Capitalism and the Political Economy of Work Time
John M. Keynes expected that around the year 2030 people would only work fifteen hours a week. In the mid-1960s, Jean Fourastié still anticipated the introduction of the thirty-five hour week in the year 2000 when productivity would continue to grow at the established pace. Productivity growth slowed down somewhat in the 1970s and ‘80s, but rebounded in the 1990s with the spread of new information and communication technologies. The knowledge economy, however, did not bring about a jobless future or a world without work as some scholars had predicted. With few exceptions, work hours of full-time employees have hardly fallen in the advanced capitalist countries in the last three decades, while in a number of countries they have actually increased since the 1980s.
This book takes the persistence of long work hours as starting point to investigate the relationship between capitalism and work time. It does so by discussing major theoretical schools and their explanations for the length and distribution of work hours, as well as tracing major changes in production and reproduction systems, and analyzing their consequences for work hours.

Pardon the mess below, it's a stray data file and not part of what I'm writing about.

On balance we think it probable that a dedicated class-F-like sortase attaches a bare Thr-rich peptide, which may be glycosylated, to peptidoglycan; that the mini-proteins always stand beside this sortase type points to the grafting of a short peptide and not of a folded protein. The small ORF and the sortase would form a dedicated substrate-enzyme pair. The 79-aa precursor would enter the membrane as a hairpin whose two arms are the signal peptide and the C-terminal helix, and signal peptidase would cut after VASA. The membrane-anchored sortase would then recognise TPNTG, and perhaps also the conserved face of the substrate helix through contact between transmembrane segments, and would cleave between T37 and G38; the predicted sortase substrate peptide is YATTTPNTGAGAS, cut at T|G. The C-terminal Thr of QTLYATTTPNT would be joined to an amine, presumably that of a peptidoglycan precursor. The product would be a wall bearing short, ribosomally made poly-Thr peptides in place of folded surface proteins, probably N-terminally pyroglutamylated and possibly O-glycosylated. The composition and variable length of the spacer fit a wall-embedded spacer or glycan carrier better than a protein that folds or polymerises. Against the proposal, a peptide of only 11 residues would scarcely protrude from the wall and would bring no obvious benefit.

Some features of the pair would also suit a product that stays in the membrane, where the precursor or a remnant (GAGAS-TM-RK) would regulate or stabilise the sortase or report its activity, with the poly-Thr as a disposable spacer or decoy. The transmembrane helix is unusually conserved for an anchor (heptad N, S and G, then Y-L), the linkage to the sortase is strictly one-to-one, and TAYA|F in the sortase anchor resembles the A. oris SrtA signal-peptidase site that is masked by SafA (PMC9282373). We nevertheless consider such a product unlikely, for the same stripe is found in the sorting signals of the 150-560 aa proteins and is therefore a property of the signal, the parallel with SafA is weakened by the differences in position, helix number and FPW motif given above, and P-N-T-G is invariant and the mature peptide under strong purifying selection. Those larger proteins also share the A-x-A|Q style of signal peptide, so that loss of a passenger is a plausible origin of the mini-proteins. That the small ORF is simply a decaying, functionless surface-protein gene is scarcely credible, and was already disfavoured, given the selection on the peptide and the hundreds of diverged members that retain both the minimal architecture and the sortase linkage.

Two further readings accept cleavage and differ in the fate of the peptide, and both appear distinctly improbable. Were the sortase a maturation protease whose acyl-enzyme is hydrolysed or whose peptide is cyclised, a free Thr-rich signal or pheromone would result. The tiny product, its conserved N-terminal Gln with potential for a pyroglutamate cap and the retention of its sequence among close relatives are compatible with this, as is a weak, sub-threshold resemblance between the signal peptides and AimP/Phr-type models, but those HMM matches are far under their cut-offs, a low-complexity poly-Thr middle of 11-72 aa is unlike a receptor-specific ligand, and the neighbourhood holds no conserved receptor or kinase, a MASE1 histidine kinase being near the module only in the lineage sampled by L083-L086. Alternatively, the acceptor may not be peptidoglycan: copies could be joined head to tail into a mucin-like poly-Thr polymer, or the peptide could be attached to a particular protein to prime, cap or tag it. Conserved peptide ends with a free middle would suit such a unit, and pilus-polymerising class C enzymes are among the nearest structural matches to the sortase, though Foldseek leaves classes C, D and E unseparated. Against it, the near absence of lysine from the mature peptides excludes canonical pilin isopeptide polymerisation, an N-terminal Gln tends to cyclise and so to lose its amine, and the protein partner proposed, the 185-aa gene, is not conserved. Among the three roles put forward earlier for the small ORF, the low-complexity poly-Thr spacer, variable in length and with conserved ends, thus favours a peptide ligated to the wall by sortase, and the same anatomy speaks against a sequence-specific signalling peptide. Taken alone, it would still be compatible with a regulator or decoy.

Furthermore, this volume explores the struggle for shorter work hours starting from the introduction of the ten-hour work day in the 19th century to the introduction of the thirty-five hour week in France and Germany at the end of the 20th century. However, the book also shows how neoliberalism has eroded collective work time regulations and resulted in an increase and polarization of work hours since the 1980s. Finally, the book argues that shorter work hours not only means more free-time for workers, but also reduces inequality and improves human and ecological sustainability.